USB - Choosing the right bus in Automation

News23 May 2019
Author: Chris Shaw Source: Sealevel Systems
USB - Choosing the right bus in Automation
Ubiquity in electronics can be defined by a variety of components, from PCBs to CPUs, many of which emerge for a time, some of which were developed decades ago and remain fundamental to this day. Universal Serial Bus, or USB, debuted in 1995, and has since developed into perhaps the most popular I/O form of connectivity across both commercial and industrial computing applications.

This surge in popularity over the last decade can be attributed to a number of things, but one feature of this interface is key to its rise to become the I/O option of choice for most industrial computing projects.

What sets USB apart?

The important point to look at first, is what USB replaced. You may remember in the nineties connecting your various peripherals via PS/2, serial, parallel ports the size of a letterbox. Often, these ports would require their own expansion cards, were expensive on space, and configuration, especially in multi-system industrial applications, was difficult, specialised, and labour-intensive to carry out.

Then, in 1995, USB 1.0 began emerging into systems, with one or two ports being included as standard in both industrial and commercial I/O capabilities. Although many peripheral manufacturers didn’t yet support the interface, the market was soon shifting towards USB being the standard for connectivity between computers and their respective accessories.

The flexibility and standardisation potential of the USB interface was the driving force behind its ascendance, and after the ground-breaking introduction of USB 3.0 in 2009, the massive 5Gbps throughput gave industrial applications the tool they needed to begin fully automating their workflow. Shift forward to 2019 and USB takes care of charging options, display ports, connectivity to every conceivable device from speakers to diagnostic tools and more, allowing USB to be a chief contender for the number one I/O option for industrial computing applications.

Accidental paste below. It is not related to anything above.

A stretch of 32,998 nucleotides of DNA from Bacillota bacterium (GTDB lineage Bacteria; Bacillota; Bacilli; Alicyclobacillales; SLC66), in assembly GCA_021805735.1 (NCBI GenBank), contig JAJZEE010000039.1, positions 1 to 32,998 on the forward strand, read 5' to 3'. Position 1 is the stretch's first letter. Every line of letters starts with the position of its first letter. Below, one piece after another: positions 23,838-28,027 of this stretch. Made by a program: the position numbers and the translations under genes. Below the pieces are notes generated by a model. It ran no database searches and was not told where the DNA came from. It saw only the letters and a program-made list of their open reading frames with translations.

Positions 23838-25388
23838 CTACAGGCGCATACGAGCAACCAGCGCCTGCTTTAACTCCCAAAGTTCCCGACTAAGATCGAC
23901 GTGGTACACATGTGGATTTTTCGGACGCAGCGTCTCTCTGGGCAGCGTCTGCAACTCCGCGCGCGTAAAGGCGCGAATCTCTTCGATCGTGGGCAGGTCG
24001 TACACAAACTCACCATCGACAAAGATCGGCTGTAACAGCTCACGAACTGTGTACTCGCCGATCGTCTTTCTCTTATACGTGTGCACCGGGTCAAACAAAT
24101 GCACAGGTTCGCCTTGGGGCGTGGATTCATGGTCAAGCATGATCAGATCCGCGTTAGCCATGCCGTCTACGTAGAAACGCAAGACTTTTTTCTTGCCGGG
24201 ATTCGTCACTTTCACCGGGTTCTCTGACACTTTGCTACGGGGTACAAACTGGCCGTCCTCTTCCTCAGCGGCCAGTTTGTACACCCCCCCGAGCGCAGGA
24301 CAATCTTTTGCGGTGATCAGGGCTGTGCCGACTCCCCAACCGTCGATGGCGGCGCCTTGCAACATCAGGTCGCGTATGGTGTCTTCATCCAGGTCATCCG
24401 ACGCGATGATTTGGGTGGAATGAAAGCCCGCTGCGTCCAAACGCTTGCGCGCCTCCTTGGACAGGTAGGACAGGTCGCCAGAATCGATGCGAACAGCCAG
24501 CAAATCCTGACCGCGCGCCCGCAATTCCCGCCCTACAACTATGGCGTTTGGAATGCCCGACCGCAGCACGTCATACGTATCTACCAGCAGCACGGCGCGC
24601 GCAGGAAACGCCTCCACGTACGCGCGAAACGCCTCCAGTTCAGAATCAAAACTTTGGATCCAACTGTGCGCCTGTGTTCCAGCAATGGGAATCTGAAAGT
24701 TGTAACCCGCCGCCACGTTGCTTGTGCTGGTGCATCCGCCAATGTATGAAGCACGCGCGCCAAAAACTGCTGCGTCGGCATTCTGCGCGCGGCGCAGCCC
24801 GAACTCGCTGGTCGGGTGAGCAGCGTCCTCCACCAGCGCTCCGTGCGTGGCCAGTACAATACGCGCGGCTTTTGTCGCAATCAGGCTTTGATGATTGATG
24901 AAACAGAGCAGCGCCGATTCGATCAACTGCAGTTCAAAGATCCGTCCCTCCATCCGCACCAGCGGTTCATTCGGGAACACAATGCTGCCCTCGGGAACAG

The future for USB in Industrial Automation

In today’s industry, many factories are shooting for complete digitisation, with industrial automation being at the forefront of their focus. Through machine condition-monitoring, visual automation, automated machines and more, the requirement for fast, standardised I/O, coupled with powerful embedded systems, is only increasing.

The specification for USB 4.0 was released in 2019, and dangles the enticing carrot of 40Gbps throughput and Thunderbolt design incorporation. This kind of power through I/O opens many doors, such as 4k displays or HD images, daisy-chaining of screens and other Thunderbolt-based technology, and is set to hit the market sometime next year.

So, which bus do I need?

The first question you should ask yourself, is: “What does my application need?” Answers to this could include the type and level of data transmission you need, and whether you require USB power transfer for device charging. What kind of cable best suits your application — standard or industrial grade? Do you need a custom, durable, rugged I/O solution to handle an extreme application?

These are likely questions that can easily be answered based on your overall project outline, but choosing the right USB option can take experience and expertise. Here at Impulse our technical team work closely with global I/O experts Sealevel, having enjoyed a twenty-year relationship with their team since 1999, just four years after USB was first launched into the marketplace. With your guidance on your project requirements, and the combined knowledge of the Impulse and Sealevel technical teams, Impulse can provide you with with the perfect USB specification for your application, and lifetime support for your industrial project.
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